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Sclerotium Rot

Sclerotium Rot

Athelia rolfsii


In a Nutshell

    The fungus forms a white, fluffy mat with roundish, tan to brown structures on the stem and surrounding groundThe base of the stem turn pale brown and soft, but not wateryLeaves start to wilt and become chloroticPlant can lodge or die, and entire rows or large patches of dead plants are observed in the field

Hosts: %1$s

· Bean · Capsicum & Chili · Eggplant · Carrots · Turnip · Pea · Cucumber · Pumpkin · Tomato · Cabbage · Potato · Pigeonpea · Chickpea · Soybean · Onion · Maize · Sweet Potato · Melon ·


The fungus primarily attacks the stems, although other plant parts may be affected under favorable conditions. It grows rapidly over the plant tissue and surrounding soil forming a white, fluffy fungal mat with characteristic roundish, tan to brown "seeds" called sclerotia. The stem tissues turn pale brown and soft, but not watery. In some cases, the stem may be completely girdled and leaves gradually start to wilt and become chlorotic. Eventually, the plant can lodge or die, and entire rows or large patches of dead plants can be observed within the field. Seedlings are particularly susceptible and die quickly once they become infected. Occasionally, fruits are also covered with the fungal mat and they rapidly decay.


The symptoms are caused by the fungus Athelia rolfsii, also known as Sclerotium rolfsii, thereby the common name of the disease. It overwinters in the soil or associated with plant debris. It causes disease on a wide range of agricultural and horticultural crops (lentil, sweet potato, pumpkin, corn, wheat and peanut, to name a few). In favorable conditions, it has an extremely rapid growth and can colonize plant tissues at or near the soil line in question of days. Low soil pH (3.0 to 5.0), frequent irrigation or rain, dense planting and high temperatures (25 to 35 °C) favor the life cycle of the fungus and the infection process. By contrast, calcareous soils with high pH usually do not cause problems. Dissemination depends on the movement of infested soil and water, contaminated tools and equipment, as well as infected plant and animal material (seeds and manure).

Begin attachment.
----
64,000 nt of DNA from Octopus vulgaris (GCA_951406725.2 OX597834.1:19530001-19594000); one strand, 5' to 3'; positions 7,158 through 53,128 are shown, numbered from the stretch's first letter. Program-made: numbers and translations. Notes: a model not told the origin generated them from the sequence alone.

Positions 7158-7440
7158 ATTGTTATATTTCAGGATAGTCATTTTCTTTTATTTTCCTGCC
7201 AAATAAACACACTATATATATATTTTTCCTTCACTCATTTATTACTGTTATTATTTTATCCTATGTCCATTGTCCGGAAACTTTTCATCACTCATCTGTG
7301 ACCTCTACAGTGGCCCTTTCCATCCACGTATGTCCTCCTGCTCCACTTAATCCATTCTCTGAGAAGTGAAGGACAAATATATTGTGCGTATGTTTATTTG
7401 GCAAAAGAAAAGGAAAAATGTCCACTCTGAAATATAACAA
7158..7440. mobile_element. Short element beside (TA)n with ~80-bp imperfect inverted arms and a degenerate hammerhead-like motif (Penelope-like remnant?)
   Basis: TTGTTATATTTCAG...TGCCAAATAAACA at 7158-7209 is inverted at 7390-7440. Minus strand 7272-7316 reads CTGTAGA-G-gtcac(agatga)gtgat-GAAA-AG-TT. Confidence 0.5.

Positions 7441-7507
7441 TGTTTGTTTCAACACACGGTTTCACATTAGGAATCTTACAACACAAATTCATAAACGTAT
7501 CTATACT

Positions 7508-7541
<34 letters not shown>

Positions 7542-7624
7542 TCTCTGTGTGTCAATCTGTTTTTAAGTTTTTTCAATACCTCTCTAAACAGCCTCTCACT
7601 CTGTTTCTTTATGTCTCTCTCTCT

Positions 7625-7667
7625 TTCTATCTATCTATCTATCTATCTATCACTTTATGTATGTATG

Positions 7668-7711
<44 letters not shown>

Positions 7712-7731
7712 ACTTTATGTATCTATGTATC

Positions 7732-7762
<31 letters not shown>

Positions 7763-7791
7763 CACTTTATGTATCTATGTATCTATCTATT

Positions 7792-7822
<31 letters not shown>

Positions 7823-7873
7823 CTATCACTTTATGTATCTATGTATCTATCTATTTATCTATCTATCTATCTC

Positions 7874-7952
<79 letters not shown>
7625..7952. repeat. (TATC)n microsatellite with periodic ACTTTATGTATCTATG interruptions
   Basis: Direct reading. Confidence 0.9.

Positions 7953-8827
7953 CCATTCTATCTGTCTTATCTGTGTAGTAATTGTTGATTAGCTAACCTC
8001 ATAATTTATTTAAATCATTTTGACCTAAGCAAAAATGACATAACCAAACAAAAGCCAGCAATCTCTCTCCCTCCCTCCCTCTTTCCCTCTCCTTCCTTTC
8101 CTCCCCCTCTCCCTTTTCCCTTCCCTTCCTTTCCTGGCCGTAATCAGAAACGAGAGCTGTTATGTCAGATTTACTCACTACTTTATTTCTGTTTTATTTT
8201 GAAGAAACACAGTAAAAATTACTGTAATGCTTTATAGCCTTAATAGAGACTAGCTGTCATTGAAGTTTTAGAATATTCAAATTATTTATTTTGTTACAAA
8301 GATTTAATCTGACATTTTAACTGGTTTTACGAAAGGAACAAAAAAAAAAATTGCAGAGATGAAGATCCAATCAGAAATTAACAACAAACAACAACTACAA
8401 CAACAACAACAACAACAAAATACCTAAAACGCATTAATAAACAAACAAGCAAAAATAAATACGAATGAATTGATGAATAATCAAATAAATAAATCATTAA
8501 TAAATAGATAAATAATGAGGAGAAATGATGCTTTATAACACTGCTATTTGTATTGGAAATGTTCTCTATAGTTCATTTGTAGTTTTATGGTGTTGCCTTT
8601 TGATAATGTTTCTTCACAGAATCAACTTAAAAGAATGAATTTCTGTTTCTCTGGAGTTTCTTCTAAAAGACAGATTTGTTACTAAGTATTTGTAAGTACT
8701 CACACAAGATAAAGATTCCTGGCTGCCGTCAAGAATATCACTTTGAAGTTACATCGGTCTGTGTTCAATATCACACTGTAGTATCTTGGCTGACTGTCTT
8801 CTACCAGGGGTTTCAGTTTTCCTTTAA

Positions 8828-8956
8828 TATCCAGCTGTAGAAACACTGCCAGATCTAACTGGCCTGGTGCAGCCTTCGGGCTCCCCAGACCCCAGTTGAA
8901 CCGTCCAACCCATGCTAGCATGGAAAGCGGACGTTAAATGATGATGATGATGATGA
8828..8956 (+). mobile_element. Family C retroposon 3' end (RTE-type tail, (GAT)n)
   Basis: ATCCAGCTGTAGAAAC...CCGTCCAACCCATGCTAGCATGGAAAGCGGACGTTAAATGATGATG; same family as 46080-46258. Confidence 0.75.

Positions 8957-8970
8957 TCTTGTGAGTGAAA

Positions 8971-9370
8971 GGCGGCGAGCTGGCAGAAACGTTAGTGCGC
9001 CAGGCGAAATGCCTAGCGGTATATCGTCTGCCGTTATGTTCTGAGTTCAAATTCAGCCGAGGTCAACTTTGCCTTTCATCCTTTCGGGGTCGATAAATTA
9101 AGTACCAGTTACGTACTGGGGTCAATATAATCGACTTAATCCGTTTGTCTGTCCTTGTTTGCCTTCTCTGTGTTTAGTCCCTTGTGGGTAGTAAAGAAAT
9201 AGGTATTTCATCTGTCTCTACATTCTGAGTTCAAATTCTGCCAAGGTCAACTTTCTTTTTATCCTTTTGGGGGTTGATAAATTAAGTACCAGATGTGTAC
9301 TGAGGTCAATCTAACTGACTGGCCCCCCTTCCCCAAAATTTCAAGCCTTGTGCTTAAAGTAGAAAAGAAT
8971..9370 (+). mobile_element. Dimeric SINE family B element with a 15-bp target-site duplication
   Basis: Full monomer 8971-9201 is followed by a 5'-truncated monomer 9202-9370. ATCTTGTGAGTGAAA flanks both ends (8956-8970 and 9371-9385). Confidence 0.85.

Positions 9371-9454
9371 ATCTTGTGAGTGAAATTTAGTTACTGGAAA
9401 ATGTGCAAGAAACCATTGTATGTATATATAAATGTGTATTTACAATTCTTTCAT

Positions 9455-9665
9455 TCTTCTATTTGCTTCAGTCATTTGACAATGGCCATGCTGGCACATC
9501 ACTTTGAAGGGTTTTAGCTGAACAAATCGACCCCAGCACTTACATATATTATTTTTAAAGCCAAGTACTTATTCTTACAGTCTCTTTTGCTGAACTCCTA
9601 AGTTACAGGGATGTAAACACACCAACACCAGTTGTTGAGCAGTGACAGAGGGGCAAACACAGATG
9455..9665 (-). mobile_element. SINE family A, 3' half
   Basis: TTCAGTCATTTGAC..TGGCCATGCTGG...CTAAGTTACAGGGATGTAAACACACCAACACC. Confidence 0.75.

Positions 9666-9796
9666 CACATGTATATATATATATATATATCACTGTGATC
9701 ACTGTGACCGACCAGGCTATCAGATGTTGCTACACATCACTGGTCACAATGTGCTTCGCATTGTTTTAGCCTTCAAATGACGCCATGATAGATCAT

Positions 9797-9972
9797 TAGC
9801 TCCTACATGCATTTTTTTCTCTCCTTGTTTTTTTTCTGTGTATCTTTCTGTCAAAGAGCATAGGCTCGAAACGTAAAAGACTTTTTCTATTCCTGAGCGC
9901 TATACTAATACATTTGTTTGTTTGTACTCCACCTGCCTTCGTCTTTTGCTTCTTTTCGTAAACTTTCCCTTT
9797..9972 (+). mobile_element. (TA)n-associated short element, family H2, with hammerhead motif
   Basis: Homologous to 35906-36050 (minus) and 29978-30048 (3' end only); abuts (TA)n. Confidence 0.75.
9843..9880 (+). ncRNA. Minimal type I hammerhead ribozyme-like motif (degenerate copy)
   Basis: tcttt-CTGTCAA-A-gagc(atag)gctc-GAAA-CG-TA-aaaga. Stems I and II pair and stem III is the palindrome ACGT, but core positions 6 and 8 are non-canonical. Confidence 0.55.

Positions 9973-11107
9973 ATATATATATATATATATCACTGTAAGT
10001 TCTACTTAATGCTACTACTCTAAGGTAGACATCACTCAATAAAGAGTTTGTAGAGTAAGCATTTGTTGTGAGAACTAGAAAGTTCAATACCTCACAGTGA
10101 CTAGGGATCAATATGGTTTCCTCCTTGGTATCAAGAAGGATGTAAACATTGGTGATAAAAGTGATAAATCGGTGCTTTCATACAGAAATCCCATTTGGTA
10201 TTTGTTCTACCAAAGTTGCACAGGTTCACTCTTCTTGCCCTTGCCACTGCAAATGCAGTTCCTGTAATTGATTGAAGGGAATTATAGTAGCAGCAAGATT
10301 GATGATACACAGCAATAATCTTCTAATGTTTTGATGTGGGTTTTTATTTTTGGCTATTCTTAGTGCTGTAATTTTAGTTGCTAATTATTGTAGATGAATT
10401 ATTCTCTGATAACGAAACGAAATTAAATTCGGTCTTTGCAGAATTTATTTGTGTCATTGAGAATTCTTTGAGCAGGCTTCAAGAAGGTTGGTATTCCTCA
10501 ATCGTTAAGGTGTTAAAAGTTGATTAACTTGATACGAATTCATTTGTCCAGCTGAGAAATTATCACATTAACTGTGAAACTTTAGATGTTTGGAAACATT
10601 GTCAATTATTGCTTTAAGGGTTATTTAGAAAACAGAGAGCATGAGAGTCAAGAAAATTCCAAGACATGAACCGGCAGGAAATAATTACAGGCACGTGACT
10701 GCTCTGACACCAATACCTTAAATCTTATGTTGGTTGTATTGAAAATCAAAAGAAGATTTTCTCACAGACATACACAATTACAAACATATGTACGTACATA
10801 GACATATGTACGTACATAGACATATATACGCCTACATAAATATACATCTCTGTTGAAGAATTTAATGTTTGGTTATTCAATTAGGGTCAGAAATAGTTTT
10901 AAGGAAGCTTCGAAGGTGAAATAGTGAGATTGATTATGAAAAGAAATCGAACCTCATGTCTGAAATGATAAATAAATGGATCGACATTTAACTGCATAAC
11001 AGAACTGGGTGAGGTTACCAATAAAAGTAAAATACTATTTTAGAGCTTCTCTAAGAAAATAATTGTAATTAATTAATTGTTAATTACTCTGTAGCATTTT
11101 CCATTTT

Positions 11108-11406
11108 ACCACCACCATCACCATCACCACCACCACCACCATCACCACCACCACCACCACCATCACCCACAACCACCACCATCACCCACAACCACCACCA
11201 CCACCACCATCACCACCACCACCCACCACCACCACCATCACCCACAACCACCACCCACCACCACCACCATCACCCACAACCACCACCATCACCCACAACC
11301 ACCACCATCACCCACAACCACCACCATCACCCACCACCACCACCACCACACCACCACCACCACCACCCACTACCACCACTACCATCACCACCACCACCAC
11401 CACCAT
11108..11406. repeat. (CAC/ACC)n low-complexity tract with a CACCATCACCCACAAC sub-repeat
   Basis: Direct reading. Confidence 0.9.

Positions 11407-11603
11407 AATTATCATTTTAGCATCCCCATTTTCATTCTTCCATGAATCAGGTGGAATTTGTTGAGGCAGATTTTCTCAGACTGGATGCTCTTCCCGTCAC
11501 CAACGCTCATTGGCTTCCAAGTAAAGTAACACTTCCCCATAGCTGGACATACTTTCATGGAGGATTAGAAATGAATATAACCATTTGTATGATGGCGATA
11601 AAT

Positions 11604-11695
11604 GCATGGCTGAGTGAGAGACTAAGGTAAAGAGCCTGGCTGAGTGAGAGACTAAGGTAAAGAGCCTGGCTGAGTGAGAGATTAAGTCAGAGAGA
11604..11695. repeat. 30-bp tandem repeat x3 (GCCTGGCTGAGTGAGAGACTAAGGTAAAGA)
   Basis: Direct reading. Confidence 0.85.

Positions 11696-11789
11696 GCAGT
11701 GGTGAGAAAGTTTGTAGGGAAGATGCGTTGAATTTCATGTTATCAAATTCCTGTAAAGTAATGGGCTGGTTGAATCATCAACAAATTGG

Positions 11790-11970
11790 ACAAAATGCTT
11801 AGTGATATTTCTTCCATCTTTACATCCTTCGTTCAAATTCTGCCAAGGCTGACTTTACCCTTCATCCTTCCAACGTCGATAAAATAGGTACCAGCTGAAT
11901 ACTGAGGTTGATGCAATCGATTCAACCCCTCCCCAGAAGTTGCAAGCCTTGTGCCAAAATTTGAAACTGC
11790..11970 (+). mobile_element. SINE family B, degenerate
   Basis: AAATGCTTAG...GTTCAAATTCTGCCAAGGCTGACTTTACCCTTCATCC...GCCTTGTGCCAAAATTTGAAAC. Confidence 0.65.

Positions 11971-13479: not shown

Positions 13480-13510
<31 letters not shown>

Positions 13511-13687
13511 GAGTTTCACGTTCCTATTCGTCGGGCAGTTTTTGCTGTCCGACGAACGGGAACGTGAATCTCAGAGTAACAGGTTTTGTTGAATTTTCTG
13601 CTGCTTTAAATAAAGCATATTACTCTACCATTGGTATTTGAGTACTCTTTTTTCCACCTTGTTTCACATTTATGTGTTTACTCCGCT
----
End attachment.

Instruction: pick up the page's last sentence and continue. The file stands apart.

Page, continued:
Biological Control

Antagonistic fungi (often in combination with other treatments) can provide some control against this pathogen. Note that results depend greatly on the type of crop and the environmental conditions. Some of the commonly used organisms are Trichoderma harzianum, Trichoderma viride, Bacillus subtilis, Streptomyces philanthisome, Gliocladium virens and some species of Penicillium.

Chemical Control

Always consider an integrated approach with preventive measures together with biological treatments if available. Use of multipurpose soil fumigants before planting provides a good control of the fungus. Products based on metamsodium, methyl bromide, chloropicrin, formalin, or chlorobromopropene can be used for treatment of seed beds or fields for valuable crops.

Preventive Measures

    Make sure to use healthy seeds from certified sourceUse resistant varieties, if availableCheck that seeding rate is not too high and allow for good spacingPlanting late may also help to reduce the incidencePick up any diseased plant or plant part and bury it deep or burn itDo not overwater plants as this favors the fungusProvide the fields with good drainage to prevent excessive soil moistureUse stake to keep the plants upright if necessaryBury debris deep in the soil to impair the growth of the fungus and expose the soil to solar radiationPlan a crop rotation for several years with non-host plantsKeep your tools and equipment disinfected and cleanMake sure not to transport soil between fieldsKeep the fields free of weedsTake care not to injure the plants during field workUse black plastic mulch to cover soil and limit fungal growthAdjust soil pH through limingprovide a good fertilization program to strengthen plants